Virgil Abloh and Heron Preston Insist Supreme Can Still Be 'Cool' As a Billion-Dollar Brand

The key? Keeping a central point of view that doesn't waver.
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The key? Keeping a central point of view that doesn't waver.
Heron Preston, Anna Wintour and Virgil Abloh. Photo: Corey Tenold/"Vogue"

Heron Preston, Anna Wintour and Virgil Abloh. Photo: Corey Tenold/"Vogue"

On Thursday afternoon in New York, at Vogue's inaugural "Forces of Fashion" conference at Milk Studios, two of street culture's most influential figures, Virgil Abloh and Heron Preston, took the stage with editor Chioma Nnadi to tackle the nebulous topic of "cool." 

Both Abloh — the mastermind behind Off-White and, previously, the much-hyped label Pyrex Vision — and Preston — who runs his own eponymous brand, designed a collection with the New York Department of Sanitation and is a former Nike employee — have been on the so-called streetwear scene for years; they've worked together as part of the art, fashion and music collective #BEEN #TRILL, selling DIY merch that went viral, was beloved by rappers and sold for hundreds of dollars. If anyone is able to epitomize "cool" in 2017, it's these two — but do they believe that this quality is something that can be commodified and still stay in tact?

Believe it or not, the answer is yes — even in the world of luxury fashion. "If you covet [something], it's luxurious to you," said Abloh, breaking down his philosophy regarding the concept of luxury. "The jest is: Cool kids want to be rich, rich kids want to be cool," added Preston, regarding the mix of high- and low-end brands they see young people wearing on the streets of Soho today. "The friction between that is something we've always noticed ... The luxury world wants so hard to be 'cool' and be in the streets, and that is really becoming relevant."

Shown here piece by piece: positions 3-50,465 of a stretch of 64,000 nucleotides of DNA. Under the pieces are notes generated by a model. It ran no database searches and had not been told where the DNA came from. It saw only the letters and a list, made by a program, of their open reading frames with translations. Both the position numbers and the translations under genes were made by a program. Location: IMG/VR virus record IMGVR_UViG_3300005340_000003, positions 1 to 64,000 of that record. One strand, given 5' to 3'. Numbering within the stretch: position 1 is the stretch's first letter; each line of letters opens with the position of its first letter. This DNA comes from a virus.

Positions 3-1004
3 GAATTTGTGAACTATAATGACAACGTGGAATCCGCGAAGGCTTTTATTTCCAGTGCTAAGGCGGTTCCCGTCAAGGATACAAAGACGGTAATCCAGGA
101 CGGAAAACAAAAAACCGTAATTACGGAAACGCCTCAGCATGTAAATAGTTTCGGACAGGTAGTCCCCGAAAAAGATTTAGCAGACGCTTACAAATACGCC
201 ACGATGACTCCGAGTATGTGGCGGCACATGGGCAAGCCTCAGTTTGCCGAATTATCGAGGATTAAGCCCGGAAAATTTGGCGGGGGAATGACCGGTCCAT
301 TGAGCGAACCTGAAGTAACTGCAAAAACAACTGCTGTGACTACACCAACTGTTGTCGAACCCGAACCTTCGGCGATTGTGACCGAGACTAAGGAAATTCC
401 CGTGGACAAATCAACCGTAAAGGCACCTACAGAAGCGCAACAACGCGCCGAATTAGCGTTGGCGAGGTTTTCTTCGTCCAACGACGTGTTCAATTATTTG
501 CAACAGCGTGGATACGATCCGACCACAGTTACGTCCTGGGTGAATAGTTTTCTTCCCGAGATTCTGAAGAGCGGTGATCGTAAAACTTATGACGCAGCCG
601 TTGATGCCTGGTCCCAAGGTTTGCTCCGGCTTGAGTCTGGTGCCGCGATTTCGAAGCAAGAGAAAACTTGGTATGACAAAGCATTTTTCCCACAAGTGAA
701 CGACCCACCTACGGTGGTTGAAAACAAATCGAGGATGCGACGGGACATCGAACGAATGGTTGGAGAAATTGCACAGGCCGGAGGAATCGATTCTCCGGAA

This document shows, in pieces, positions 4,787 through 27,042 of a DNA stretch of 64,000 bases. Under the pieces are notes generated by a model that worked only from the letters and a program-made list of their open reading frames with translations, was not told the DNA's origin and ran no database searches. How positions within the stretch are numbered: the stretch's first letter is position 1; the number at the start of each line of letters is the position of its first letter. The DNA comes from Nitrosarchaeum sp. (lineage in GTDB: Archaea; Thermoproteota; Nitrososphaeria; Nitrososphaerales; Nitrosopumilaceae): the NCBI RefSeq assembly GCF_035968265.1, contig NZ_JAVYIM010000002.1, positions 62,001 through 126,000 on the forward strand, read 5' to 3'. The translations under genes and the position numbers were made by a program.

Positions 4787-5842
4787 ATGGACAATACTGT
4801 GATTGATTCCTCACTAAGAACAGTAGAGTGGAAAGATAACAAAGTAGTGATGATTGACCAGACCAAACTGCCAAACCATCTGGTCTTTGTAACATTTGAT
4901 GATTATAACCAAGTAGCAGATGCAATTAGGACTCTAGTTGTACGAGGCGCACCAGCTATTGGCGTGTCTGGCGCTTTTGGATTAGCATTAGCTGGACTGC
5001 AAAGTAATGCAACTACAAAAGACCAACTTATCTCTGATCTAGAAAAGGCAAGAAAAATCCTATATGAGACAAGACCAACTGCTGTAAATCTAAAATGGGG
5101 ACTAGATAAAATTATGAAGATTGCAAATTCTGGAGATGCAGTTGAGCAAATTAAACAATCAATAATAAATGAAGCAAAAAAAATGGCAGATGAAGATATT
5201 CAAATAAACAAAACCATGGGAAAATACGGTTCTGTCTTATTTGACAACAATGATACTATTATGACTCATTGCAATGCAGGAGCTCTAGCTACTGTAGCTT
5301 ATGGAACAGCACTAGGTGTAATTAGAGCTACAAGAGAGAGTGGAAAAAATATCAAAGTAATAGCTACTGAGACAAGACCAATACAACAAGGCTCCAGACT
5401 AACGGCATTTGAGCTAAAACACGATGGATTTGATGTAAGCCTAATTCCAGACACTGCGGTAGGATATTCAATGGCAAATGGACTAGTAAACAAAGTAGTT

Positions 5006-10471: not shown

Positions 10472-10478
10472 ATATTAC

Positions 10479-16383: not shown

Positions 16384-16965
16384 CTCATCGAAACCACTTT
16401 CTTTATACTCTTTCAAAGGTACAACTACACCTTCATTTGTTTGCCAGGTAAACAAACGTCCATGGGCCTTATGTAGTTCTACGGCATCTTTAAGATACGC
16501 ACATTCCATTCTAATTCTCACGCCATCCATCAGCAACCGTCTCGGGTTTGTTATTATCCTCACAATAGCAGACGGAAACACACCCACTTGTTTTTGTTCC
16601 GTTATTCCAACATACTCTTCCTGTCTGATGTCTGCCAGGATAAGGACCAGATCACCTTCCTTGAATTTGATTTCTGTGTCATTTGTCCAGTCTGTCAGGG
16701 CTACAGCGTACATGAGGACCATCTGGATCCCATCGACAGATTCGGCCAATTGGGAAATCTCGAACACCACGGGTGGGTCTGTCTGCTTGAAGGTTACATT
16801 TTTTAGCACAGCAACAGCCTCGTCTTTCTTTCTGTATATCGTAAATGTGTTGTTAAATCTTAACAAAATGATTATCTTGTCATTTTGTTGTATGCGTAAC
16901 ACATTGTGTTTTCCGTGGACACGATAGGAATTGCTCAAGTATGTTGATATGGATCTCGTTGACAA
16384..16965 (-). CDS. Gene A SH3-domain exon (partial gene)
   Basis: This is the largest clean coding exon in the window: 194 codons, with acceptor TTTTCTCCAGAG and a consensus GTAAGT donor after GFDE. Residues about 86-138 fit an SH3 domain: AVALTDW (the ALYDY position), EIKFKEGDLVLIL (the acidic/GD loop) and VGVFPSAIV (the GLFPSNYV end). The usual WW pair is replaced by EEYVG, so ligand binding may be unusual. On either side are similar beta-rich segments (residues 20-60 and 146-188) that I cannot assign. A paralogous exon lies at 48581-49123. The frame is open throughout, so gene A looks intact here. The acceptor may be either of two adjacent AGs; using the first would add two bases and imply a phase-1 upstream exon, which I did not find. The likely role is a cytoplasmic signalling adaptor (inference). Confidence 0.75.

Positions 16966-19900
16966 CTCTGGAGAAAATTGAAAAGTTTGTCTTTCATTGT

Of course, the topic of Supreme's collaboration with Louis Vuitton — and recent $500 million investment from The Carlyle Group — came up, as did the question of whether  such an insider-y, niche label can scale globally and keep its street cred. 

"Supreme is coveted … If you're 17 years old, getting into a Supreme store, buying that first T-shirt, something you never want to lose for the rest of your life, it doesn't matter if it's $30," explained Abloh, who likened this generation's fascination with Supreme to his own with brands like Marc Jacobs and Vuitton as a youngster. "That 17-year-old kid is going to remember Supreme for the rest of his life." But, according to Preston, part of the label's appeal is that it still feels so small and is not quite a household name — a fact that's likely to change in the months and years ahead. 

So, how can Supreme avoid "selling out" amongst its fans and alienating the subculture of customers it's built over the past two decades? "Staying honest, staying true to the core, that's what [Supreme founder] James [Jebbia] has been sharp at," said Preston. That, and hiring the right people with interesting points of view who can keep Supreme's integrity in tact. "Companies are just people, that's what they are." 

"In my mind, the coolest things are when someone is so specific and they've sort of blocked out every notion of what you're supposed to do and they do something pure — that's what I search for," added Abloh, name-checking brands like Chrome Hearts (designed by a husband and wife team), Hermès and Chanel alongside people like Michael Jordan and Kurt Cobain with a central point of view that never wavered.

"Everything that I obsessed about, the variance was only one or two percent from the core," said Abloh. "Individuality is the essence of what's cool. You can replace 'cool' as a figurative thing with 'being yourself,' but being so specific that people can find you."

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